Let’s take a simple look at this – how are “business” and “profession” typically defined? Does being engaged in a profession mean that one is not engaged in business? In it’s definition of “business,” the Merriam-Webster Online Dictionary includes the following: “a usually commercial or mercantile activity engaged in as a means of livelihood;” “a commercial or sometimes an industrial enterprise” and “dealings or transactions especially of an economic nature.” It includes in its definition of “profession” “a calling requiring specialized knowledge and often long and intensive academic preparation”; “a principal calling, vocation, or employment”; and, “the whole body of persons engaged in a calling.” Taking it a step further, Merriam-Webster’s definition of “calling” lists “the vocation or profession in which one customarily engages”; and, it includes “the work in which a person is regularly employed” in its definition of vocation. Finally, Merriam-Webster lists in its definition of work, “the labor, task, or duty that is one's accustomed means of livelihood.” It looks to me like a profession is a business, but not necessarily vice-versa.

Hmmm. It also seems to me that a common sense conclusion to be drawn from these definitions is that by providing legal advice for a fee one is engaged in a business, albeit one that requires “specialized knowledge and often long and intense academic preparation.” According to Wikipedia, the same can be said for librarianship, accounting, teaching, architecture, medicine, finance, the military, the clergy, nursing, those who work or perform research in the various sciences, or engineering. Wikipedia also notes:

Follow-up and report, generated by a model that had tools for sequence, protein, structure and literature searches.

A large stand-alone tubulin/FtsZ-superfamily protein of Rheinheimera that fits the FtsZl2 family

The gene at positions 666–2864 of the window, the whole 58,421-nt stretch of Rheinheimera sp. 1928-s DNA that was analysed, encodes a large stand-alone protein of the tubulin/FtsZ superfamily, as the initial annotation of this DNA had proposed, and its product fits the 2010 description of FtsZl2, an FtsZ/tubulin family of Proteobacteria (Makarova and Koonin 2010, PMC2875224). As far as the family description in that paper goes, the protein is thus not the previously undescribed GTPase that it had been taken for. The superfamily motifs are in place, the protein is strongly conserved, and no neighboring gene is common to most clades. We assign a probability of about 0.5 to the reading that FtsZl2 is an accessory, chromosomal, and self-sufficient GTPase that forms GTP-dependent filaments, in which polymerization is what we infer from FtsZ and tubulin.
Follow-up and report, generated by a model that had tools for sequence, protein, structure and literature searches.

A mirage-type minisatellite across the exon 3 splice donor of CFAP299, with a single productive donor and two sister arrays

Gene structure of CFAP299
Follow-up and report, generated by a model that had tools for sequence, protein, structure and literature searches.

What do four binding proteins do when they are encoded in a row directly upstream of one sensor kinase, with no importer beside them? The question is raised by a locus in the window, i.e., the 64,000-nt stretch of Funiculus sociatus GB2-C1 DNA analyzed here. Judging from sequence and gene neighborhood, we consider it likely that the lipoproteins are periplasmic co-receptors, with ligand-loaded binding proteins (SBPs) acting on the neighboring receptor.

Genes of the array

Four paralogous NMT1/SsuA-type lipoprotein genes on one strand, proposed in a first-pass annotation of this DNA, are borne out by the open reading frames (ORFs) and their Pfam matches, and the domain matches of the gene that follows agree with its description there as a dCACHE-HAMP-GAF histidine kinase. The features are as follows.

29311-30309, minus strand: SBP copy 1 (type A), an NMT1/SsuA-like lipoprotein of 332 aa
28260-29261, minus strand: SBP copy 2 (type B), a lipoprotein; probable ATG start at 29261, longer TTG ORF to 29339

Sociologists have been known to define professionalism as self-defined power elitism or as organized exclusivity along guild lines, much in the sense that George Bernard Shaw characterised all professions as "conspiracies against the laity". Sociological definitions of professionalism involving checklists of perceived or claimed characteristics (altruism, self-governance, esoteric knowledge, special skills, ethical behavior, etc.) became less fashionable in the late 20th century.

One final, simple test for whether the practice of law is a business – just ask a lawyer what he or she does for a living.

Why is it, then, that some lawyers insist on distinguishing between “business” and “profession” and insist that the practice of law is the latter and not the former (or at least primarily is the latter and not merely the former)? Perhaps we should take heed from the “teachings” of Warren Buffett. In The Tao of Warren Buffett (described by the book jacket as being a collection of pithy and inspiring sayings from America’s favorite businessman that reveal his secrets of success), when speaking of Wall Street Mary Buffett and David Clark (borrowing in part, it would seem, from Shaw’s The Doctor’s Dilemma) write: